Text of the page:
public space sounds like the demand for signs. s'il vous plait.
How will we sell the language
and if there are no technocrats
and if there were no technocrats
Where would art be today? while on my first trip to the Soviet Union, as it was called at that time. Before the dawn of this new market-oriented millennium. Engineers I discovered are the most literal-minded people: the source of their, and perhaps all power. In Russia engineers love the poetry of Mayakovsky and, one supposes, more people have been slaughtered by bureaucrats than anywhere else in the world. Ancient Egypt?
Thus, to paraphrase a journalist I know, you always know it's a bureaucracy when they refuse, ever, to use the word bureaucracy. The bureaucrat is the only real form of representation known to mankind, one might argue, the ur-form of the division of labor, continually playing on his/her dual status, an enfolding or mirroring, as both metonymy and metaphor for the State. And therefore a necessary requisite of any political ideology, from anarchic, to democratic to totalitarian--or is totalitarianism just a word for bureaucratic rule without any ideological pretenses whatsoever. Why did Marxism fail? Did the avant-garde fail to save the proletariat? Was it the absence of public space? or an excess? Can public space be overbuilt . . . where does one dump semiotic waste?
Have you noticed, somewhere in all the layers of Deep Forest's sound, what sounds like a trumpeting voice, a play, or parody on
Barthes, actually, pointed out the French Bureaucracy's talent for manipulating the image of the Afro-French soldier in service of the Empire. So, is it a parody, or a misrepresentation? To what extent is public space a phantasy of power, or power-sharing. From an article by James Fallows on the controversy over the State's regulation of "encryption devices":
"The government's other response has been to emphasize its ability to 'make markets'."
What's worse? the bureaucracy, or the market? Academics, for instance, tend usually to think of themselves as "Anti-administration", or at least the currently hegemonic Baby boom generation has adopted this pose. Or even, that they are the enlightened administrators. But to be an out/insider, in buro-political terms, is to think according to what paradigm, to flatter yourself that you are creating what kind of institution. Or are you merely cornering the market for whatever it is you are;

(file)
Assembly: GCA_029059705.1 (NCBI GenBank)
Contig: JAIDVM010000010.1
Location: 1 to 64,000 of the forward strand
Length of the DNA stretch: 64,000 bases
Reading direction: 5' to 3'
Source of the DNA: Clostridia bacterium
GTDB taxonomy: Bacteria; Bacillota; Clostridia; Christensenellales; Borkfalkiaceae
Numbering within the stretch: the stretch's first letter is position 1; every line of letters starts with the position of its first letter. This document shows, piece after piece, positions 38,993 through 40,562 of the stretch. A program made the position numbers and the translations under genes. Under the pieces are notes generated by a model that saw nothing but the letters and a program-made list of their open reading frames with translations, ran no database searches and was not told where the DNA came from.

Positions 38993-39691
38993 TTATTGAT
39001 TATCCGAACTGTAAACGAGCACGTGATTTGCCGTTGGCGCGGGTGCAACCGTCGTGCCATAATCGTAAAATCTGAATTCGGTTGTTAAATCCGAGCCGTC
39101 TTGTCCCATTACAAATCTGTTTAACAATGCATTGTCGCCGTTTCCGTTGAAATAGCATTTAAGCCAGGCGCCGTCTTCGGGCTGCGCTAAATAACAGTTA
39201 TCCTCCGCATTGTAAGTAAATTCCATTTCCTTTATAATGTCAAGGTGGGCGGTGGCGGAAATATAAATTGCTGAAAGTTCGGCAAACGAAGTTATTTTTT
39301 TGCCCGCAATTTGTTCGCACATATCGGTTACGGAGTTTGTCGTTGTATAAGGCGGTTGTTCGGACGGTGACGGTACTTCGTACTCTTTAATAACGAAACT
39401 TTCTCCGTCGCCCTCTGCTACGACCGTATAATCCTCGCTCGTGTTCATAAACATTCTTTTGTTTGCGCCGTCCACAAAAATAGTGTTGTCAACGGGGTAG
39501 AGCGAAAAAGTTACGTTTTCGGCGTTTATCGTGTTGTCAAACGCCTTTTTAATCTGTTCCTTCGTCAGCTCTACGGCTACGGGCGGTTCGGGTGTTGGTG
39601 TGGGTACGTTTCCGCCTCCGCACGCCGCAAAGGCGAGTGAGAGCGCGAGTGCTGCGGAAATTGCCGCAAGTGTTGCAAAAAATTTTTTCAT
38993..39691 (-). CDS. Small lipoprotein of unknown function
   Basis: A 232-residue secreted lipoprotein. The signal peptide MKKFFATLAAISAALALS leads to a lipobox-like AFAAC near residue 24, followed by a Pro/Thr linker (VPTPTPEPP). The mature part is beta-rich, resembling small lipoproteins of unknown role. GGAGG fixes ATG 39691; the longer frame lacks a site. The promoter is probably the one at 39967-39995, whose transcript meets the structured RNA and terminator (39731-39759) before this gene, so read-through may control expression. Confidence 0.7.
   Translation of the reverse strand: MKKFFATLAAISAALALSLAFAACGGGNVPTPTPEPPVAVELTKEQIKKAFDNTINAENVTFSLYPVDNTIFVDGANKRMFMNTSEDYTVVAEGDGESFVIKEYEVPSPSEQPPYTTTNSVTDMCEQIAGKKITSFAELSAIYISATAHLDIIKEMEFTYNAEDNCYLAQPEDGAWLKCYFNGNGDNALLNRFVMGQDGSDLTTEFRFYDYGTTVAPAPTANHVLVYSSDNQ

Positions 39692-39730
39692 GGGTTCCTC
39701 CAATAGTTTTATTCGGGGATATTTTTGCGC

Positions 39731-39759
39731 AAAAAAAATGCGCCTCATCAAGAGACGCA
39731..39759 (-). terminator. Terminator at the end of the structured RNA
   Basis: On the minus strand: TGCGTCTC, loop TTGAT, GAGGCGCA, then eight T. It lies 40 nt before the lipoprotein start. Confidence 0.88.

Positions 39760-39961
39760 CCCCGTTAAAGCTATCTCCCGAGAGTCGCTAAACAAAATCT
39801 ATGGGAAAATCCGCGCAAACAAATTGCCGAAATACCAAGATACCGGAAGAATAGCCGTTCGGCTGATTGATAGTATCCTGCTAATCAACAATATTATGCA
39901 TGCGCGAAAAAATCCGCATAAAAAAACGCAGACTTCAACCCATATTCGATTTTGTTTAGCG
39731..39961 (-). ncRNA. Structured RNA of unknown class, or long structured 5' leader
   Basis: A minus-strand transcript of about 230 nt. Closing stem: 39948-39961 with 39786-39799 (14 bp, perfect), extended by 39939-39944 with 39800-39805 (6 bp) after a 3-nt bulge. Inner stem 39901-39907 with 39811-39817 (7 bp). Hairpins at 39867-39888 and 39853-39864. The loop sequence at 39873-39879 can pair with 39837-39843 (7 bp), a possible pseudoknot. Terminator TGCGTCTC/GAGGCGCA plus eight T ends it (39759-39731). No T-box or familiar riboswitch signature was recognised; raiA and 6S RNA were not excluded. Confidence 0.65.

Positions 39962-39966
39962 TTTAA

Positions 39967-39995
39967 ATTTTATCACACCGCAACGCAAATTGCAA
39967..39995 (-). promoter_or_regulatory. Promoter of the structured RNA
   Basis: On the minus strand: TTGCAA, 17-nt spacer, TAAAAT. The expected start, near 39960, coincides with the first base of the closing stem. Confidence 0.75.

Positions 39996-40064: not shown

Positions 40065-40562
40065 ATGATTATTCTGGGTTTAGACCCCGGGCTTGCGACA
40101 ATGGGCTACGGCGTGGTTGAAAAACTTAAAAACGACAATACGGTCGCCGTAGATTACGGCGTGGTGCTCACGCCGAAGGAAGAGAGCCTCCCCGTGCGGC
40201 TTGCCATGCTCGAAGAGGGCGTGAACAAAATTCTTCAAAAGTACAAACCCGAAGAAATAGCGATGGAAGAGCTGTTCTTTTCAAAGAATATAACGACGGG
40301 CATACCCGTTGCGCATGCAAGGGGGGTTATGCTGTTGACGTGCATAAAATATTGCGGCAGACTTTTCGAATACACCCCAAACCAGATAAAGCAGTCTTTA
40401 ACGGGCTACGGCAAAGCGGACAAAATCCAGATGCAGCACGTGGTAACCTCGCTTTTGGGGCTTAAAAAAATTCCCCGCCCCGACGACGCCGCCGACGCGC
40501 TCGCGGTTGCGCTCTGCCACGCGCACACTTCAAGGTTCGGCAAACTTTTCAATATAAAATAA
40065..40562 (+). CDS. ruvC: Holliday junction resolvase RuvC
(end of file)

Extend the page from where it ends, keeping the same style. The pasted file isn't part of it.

So, ask yourself, what are bureaucrats really like? Are you one? What kind, or type? Make lists . . .
And then sell yourself to me . . .
The background is a front and then?
Boris Uspensky, in fact. He was walking home from the office one day, and then? He pointed out in his book Poetics of Composition (Poetika kompozitsii is the transliteration) that the background, ugly curtains, especially in the icon, is always more semiotically marked for artifice, insincerity, inauthenticity: in order to
make the illusion of the foreground more real, hyper-real, or even to sacralize its effects: we may be extrapolating here. Background music. In the supermarket--isn't the rhetorical purpose of the music's obvious inauthenticity to heighten our perception of the food's authenticity. This is real food. Real booze. Don't pay "artificial" prices. It's no wonder is it, that such music makes people paranoid? Always thinking they're trying to brainwash us. As if they would need some hi-tech cleverness to do that. We willingly, don't we, participate in any form of brainwashing we can get our hands on. Feel the bureaucrat within yourself. S/he is the demand for your mind, for whatever of your mind you are able to supply the cultural market. Science is possible, as Viktor Shklovsky put it, lay bare the device. And
Sure, ambient music could be political, if it empowers those who embody disenfranchised productive forces to think in terms of consumption, that is, what they want, not just what they "need"--to forget production, and
if it does not merely appropriate the rhetoric of production in order to foreground the enjoyment of a techno-specialized, niche-defined, aesthetically self-referential (read Kantian) form of consumption by tired bureaucrats seeking to forget production.
When "Polit-buro" appeared in issue 5 (June 10, 1994) of Contact, it was credited to Suslov, the ironic nom-de-plume of Mark Haig. Mikhail Andreyevich Suslov (1902-1982) served as the leading ideologist of the Communist Party of the Soviet Union and the party's principal spokesman in relations with foreign Communist parties from the late 1940s until his death.